Book Review
Eclipse Modeling Framework


The book describes the Eclipse Modeling Framework (EMF), an advanced framework unifying Java, XML and UML. EMF allows developers to generate models and generate code easily. As part of the eclipse ecosystem, it integrates tightly into is eclipse environment.
For more detailed information, view the publishers homepage: Addison-Wesley Professional

Authors:Frank Budinsky, Ray Ellersick, Timothy J. Grose, Ed Merks, David Steinberg
Page Count:512 pages
Publication Date:8/2003
Used Programming
Java, XML

Subjects:  Eclipse, Java, Software Engineering

About the Authors

Frank Budinsky, leader of the Eclipse EMF project, is co-architect and an implementer of the EMF framework and code generator. He is an engineer in IBM's Software Group.

Ray Ellersick is an engineer in IBM's Software Group. A member of the EMF team, Ray is a key contributor to the design of EMF and was previously the development lead for IBM's earlier modeling framework from which much of EMF evolved.

Timothy J. Grose, a software engineer at the IBM Silicon Valley Laboratory, develops applications using XML and XMI technologies, including design and implementation of the default serialization support in EMF.

Ed Merks is project leader and lead architect of the XSD technology project and a co-architect of the EMF tools project, both at Eclipse. Ed develops software at the IBM Toronto Laboratory.

David Steinberg is a core member of the EMF development team in IBM's Software Group. Dave has contributed extensively to the design and implementation of both the runtime and code generator components of EMF.


FocusApplying UML
Theoretical Foundation
PrerequisitesUML Modeling
Possibilities to searchGlossary
not suited at all, very little content, doesn't apply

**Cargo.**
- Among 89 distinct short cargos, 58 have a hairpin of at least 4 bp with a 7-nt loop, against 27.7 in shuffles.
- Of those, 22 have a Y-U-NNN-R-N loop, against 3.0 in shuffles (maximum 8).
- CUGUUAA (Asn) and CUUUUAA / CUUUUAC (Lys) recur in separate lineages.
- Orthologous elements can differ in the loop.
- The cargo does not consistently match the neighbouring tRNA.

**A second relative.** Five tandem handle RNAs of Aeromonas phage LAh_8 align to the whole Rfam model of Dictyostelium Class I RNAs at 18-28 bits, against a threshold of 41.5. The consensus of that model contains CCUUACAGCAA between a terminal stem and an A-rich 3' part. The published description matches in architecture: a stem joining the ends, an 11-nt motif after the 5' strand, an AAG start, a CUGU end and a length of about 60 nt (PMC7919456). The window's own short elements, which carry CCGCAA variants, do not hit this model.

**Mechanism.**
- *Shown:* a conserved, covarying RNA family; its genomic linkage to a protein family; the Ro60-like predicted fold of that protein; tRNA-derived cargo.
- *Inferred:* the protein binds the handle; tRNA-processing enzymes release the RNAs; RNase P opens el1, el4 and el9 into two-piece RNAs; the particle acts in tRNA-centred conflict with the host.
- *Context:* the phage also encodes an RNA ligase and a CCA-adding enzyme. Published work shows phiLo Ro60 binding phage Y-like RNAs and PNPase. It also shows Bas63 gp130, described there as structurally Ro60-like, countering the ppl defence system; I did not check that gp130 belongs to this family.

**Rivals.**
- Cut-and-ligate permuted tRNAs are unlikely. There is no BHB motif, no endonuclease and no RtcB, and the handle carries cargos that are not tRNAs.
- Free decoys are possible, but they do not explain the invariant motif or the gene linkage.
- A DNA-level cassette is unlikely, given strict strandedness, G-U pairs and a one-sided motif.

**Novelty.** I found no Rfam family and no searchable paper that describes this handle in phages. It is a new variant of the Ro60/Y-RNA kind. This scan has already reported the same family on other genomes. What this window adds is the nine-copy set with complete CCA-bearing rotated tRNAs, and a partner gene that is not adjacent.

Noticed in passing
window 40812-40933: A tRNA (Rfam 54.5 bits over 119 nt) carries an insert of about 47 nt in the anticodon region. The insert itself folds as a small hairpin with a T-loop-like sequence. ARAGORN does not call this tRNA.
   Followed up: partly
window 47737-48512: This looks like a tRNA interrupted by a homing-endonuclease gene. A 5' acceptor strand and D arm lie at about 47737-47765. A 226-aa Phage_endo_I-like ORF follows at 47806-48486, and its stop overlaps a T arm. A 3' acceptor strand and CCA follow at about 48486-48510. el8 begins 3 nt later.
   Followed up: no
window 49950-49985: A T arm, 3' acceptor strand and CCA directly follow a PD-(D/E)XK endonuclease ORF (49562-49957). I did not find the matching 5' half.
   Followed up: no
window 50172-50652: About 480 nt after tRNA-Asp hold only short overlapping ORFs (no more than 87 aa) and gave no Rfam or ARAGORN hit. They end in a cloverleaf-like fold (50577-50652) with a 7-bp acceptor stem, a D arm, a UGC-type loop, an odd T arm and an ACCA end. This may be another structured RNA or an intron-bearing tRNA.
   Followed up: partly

very well suited, right on the spot


This book written by the main developers of the Eclipse Modeling Framework (EMF) is intended for developers which want to use EMF in their projects.

The authors provide a short overview over the typical EMF use case. They demonstrate how EMF fits into the eclipse world and how it relates to Java, XML, UML and MDA. Then they proceed in a mixture of a tutorial and a technical manual, describing the different kinds of models in EMF and how they play together. Having that, the EMF generator is explained exhaustively, covering the patterns used for the generated model classes and the editor classes. The authors also show how to run the EMF generators and give an example. In the next part the reader learns how to employ the generated EMF classes into an application. The rest of the book contains the API documentation of EMF version 1.1.

I would not recommend the book as an introductional tutorial to EMF, as many issues are treated at a very detailed technical level. Nevertheless it is a valuable reference to look things up without having to read the whole story. The general outline is rather rough, but it also holds for more recent versions of EMF. As EMF is an evolving technology, readers might consider to use online resources to complement the information obtained from the book.

One of the few good technical references for EMF. I am looking forward for the next edition of the book which is scheduled for April 2006.

Jan Koehnlein, Software Architect, Gentleware AG, 03/2006

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